New electronic technology enables the content of a photographic image to be manipulated in such a way that the change is virtually undetectable. At The Roanoke Times, we will not alter the editorial content of a photograph in any way that deceives the reader. Our pictures must always tell the truth. Effects that can be achieved with conventional photographic techniques, such as the use of wide-angle lenses or filters, may be used in news photos. But photographs manipulated electronically for art or design purposes must be clearly labeled “photo illustrations.”
We rely on sources for information, but we deliver our credibility into their hands if we fail to check the facts and statements they supply, or if we aren’t certain that we understand their agendas.
The Roanoke Times strives to provide its readers with believable and useful information. Skeptical readers cannot know whether to believe or disbelieve information attributed to anonymous sources. They cannot use the information because, without knowing the source, they have no means of assessing its value.
To the fullest extent possible, this newspaper will provide readers full information on the sources of news it prints. Sources are to be identified by name, position and other information relevant to the story.
Use of fictitious quotations, phantom sources or of composite people as if they were real people is forbidden. When a fictitious name is used to mask the identity of a real person, the fact that the name is fictitious and the reason for the fiction will be set forth.
This policy is not intended to block the occasional need to shield identity for reasons of privacy, compassion, good taste or law. (Examples include rape victims and people whose jobs or personal safety would be endangered by identification.)
In the past, particularly in event and feature coverage, we have used unnamed sources in stories deemed uncontroversial (” ‘I think it’s great,’ said one festival-goer who asked not to be identified”). But such anonymous quotes are prohibited. They add little to a story; without a name, the speaker has no substance. The reader has no ability to connect, to see the name of a friend or co-worker in print. If you stop someone to get a comment about an event, make sure that the person is willing to be identified. If not, seek someone else.
On occasion, authoritative reporting requires the use of unnamed sources. Authorization is to be given only when the following conditions have been met:
The supervising editor determines that there is a need for the public to know the information imparted by the unnamed source and no on-the-record means of obtaining it exists.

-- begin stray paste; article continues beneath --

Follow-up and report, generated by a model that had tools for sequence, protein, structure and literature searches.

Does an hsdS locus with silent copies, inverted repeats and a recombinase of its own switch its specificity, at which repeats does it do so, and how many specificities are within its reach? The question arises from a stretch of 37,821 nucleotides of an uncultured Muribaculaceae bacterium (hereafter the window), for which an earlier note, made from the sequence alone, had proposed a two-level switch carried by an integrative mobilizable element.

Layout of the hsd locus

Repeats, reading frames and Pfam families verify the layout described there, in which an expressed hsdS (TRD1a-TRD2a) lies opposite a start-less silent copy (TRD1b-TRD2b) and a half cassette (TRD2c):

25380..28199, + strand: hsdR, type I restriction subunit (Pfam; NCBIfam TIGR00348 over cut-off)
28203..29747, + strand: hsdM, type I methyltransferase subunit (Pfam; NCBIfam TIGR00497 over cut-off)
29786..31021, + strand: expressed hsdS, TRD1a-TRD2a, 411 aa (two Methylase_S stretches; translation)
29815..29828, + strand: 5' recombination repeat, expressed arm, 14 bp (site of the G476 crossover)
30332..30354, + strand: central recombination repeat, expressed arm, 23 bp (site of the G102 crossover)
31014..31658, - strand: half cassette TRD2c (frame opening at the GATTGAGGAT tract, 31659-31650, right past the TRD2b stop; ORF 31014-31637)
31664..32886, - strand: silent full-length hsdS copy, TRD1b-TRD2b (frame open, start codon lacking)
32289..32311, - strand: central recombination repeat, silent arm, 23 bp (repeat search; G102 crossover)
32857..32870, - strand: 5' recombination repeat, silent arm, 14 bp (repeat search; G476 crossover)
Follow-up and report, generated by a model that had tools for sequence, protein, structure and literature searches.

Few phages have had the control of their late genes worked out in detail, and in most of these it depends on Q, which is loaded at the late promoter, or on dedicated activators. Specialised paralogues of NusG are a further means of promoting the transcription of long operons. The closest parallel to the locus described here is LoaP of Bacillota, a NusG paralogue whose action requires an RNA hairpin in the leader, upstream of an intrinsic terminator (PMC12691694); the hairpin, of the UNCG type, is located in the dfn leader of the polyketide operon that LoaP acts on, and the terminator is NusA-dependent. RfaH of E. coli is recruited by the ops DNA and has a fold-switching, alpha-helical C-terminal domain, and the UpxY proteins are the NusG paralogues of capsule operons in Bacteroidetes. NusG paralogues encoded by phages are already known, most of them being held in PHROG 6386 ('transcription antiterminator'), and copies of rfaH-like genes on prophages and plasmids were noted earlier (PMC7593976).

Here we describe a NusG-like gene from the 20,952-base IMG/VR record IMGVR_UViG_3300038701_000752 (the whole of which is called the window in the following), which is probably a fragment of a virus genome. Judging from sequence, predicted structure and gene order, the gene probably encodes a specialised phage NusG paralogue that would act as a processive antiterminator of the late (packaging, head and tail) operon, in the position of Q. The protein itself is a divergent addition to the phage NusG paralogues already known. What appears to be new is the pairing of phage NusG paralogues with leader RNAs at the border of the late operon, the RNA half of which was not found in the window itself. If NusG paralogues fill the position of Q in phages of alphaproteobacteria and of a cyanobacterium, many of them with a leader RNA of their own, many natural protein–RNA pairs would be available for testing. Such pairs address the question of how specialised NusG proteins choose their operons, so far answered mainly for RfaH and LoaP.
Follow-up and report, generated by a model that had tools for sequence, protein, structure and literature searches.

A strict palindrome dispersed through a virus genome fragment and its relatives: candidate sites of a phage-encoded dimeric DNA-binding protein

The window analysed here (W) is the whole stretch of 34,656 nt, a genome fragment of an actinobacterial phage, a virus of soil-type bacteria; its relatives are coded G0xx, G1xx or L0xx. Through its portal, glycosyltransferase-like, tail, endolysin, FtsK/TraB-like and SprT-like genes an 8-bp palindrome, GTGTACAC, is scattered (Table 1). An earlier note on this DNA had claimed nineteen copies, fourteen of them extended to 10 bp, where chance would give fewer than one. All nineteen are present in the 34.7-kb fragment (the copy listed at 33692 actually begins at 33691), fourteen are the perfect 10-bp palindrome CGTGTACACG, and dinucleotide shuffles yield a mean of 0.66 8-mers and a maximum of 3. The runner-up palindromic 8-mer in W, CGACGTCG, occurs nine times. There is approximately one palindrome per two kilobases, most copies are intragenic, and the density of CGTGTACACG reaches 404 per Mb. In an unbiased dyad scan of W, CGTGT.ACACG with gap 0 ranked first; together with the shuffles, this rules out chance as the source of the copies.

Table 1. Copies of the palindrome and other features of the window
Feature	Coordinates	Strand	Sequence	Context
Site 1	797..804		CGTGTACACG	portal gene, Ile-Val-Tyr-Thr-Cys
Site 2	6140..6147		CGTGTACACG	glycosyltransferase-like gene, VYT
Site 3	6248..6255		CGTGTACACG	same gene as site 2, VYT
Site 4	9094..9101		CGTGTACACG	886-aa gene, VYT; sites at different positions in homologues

The supervising editor knows the identity of the unnamed source.
The reader is told as much as possible about the unnamed source, short of revealing identity, and about the reason for anonymity.
Extensive efforts have been made to corroborate the accuracy of the information imparted by the unnamed source.
The supervising editor informs the editor or managing editor. The final decision whether to print the material rests with them.
Permitting an unnamed source to demean, attack or vilify a named person or institution is forbidden unless the editor or publisher, for considered and compelling reasons, expressly approves. And if an anonymous source ever lies to us, our readers will know it as soon as we do.
These same policies apply to wire stories, though their application is difficult. Generally, we should avoid use of national and international stories based on unnamed sources, unless the article shows that several sources were used and gives some indication of the sources’ expertise, or offers other corroboration for the information reported. Anonymous, scurrilous quotes should be removed from wire stories just as they would be from a staff-written story. It may not hurt a public official or movie star to be the subject of an anonymous attack in a wire story in The Roanoke Times, but it can hurt us by diminishing our readers’ trust.
Here are some other policies about sources:
Make every effort to get sources on the record. If a source asks to go “off the record,” be sure that you and the source are in agreement as to what that phrase means. This is particularly important with private citizens who are inexperienced in dealing with the press.
Talk to your editor in any situation where total and lasting confidentiality is involved. In such situations, the reporter and editor must share the burden of trust that such a promise carries. On potentially sensitive stories, a reporter must talk with an editor before promising anonymity; legal repercussions and other problems may not be clearly seen at the fact-gathering stage.
Do not use such words as “key officials,” “well-placed” or “Informed” sources. Provide the fullest possible identification, such as “an official in the city manager’s office.”
No material purporting to be factual should be reported from an online site unless the reporter is confident of and/or verifies its source. For instance, the official Pulitzer Prize Web site can be regarded as a reliable source for the names of past winners. But “inside” information or personal details about third parties posted on Web sites should be regarded as no more than gossip: We check it out independently. Net-derived information should be attributed, just as we would information from any book, magazine or other publication.
Making deals with sources